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The New Inquisition: Irrational Rationalism and the Citadel of Science Paperback – 1 May 1988

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Product details

  • Paperback: 240 pages
  • Publisher: New Falcon Publications,U.S.; Revised edition edition (1 May 1988)
  • Language: English
  • ISBN-10: 1561840025
  • ISBN-13: 978-1561840021
  • Product Dimensions: 21.2 x 14 x 1.5 cm
  • Average Customer Review: 4.4 out of 5 stars  See all reviews (7 customer reviews)
  • Amazon Bestsellers Rank: 1,337,444 in Books (See Top 100 in Books)

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The late R. Buckminster Fuller-architect, engineer, poet, mathematician and gadfly-used to astonish audiences by remarking casually in the middle of a lecture that everything we see is inside our heads. Read the first page
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6 of 6 people found the following review helpful By A Customer on 12 July 1997
Format: Paperback
The New Inquistion, by Robert Anton Wilson, is one of those books that sneaks its way into your mind and turns your world upside in front of you. It's a fun and very interesting read. Wilson's style of writing makes the pages fly by like a wild conversation with an ecentric but wonderful uncle or grandfather. You find yourself wondering what kind of rabbit the man is going to pull out of his hat next. Along the way you end up learning more than you ever hoped or wanted to and by the end you end up with a slightly altered vision of the world. Like any such conversationalist however, Wilson has a tendency to prattel at points, making some of the same ones over and over again, while on more than one occasion he will only briefly touch on a topic that I found myself wishing he had gone into in more depth. But to tell you the truth, those things only serve to make you feel all the closer to the author and the writing itself. Somehow, the annoying points only serve to help the book keep that friendly, deep conversational tone that won't let you put it down. And along the way you learn so damn much about the state of modern science and our tendencies to see the world through the lenses of our individual "reality tunnels" that you find yourself wondering how you could have gone on existing in modern America without having read the book... It's an education of a read and I highly suggest that you read it and then push it on everyone that you know.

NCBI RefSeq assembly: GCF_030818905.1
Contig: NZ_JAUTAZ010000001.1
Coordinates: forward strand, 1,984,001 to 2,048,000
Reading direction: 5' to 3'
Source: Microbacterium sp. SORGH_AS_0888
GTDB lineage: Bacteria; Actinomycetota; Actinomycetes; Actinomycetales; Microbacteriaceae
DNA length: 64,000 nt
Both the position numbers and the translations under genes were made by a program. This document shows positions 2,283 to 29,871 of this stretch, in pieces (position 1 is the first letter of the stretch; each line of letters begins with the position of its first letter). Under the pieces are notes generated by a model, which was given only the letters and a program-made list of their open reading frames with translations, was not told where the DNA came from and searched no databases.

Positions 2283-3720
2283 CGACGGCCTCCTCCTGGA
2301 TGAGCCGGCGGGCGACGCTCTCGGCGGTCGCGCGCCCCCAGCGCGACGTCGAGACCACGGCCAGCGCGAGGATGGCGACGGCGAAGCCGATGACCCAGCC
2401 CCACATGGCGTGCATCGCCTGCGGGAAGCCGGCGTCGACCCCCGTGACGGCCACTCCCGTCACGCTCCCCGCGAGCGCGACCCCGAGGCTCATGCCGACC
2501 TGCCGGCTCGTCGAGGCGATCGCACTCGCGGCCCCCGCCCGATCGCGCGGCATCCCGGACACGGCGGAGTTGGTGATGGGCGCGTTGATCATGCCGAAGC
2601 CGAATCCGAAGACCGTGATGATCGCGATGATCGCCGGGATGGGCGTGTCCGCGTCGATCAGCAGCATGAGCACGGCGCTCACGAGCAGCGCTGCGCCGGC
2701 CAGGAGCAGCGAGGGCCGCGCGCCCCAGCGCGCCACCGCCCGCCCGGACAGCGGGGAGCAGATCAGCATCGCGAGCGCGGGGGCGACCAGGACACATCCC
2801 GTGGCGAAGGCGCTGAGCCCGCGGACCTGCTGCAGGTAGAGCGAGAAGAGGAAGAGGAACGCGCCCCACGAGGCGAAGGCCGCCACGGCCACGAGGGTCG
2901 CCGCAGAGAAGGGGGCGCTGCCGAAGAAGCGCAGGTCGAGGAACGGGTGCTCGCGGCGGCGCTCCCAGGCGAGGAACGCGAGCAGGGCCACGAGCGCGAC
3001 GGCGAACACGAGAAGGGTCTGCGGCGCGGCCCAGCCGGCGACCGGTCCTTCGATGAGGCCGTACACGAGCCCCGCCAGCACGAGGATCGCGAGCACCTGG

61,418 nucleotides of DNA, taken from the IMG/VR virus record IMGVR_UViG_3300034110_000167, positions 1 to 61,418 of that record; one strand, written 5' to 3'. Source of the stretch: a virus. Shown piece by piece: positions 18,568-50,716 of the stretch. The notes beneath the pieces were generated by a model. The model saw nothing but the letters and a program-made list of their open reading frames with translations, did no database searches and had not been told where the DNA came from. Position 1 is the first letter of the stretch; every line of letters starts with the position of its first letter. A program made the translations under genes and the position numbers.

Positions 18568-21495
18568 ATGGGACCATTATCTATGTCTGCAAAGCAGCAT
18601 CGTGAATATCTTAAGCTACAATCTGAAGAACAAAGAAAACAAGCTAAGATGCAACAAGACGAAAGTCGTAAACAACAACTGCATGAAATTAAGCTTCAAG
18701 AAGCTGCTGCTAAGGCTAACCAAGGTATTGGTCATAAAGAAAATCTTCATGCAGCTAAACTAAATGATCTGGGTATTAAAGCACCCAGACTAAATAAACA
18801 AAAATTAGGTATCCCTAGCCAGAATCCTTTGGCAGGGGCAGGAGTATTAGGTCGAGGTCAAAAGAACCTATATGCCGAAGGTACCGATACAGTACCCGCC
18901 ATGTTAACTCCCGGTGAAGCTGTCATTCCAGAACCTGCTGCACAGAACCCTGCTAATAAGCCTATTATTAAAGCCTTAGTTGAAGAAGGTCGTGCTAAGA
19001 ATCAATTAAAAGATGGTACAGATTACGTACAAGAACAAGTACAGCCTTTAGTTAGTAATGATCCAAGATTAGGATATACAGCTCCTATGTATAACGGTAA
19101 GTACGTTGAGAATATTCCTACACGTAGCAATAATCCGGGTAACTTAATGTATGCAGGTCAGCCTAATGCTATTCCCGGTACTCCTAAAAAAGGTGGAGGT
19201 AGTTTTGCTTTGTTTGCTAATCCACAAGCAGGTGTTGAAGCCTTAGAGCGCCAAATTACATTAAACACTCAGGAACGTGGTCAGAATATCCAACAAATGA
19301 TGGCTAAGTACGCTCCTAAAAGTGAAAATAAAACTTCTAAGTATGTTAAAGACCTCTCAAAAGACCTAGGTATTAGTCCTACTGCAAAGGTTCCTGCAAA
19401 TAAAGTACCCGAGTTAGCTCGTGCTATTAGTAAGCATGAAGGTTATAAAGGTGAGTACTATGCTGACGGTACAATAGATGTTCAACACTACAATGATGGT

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5 of 5 people found the following review helpful By Thomas De Vries on 18 Oct. 2011
Format: Paperback
The book's central thesis is that there is no certainty in science, only a set of probabilities according to the model used. Therefore it is better to have a number of models available and to be agnostic as to which is best (this is actually practised in an area of modern physics, where wave and particle models of light co-exist). However, there is a group of people, called the New Fundamentalists to distinguish from the old religious ones, who are deeply unsettled by uncertainty and have set up organisations to traduce and even punish those who dare to depart from scientific orthodoxy. This constitutes the New Inquisition.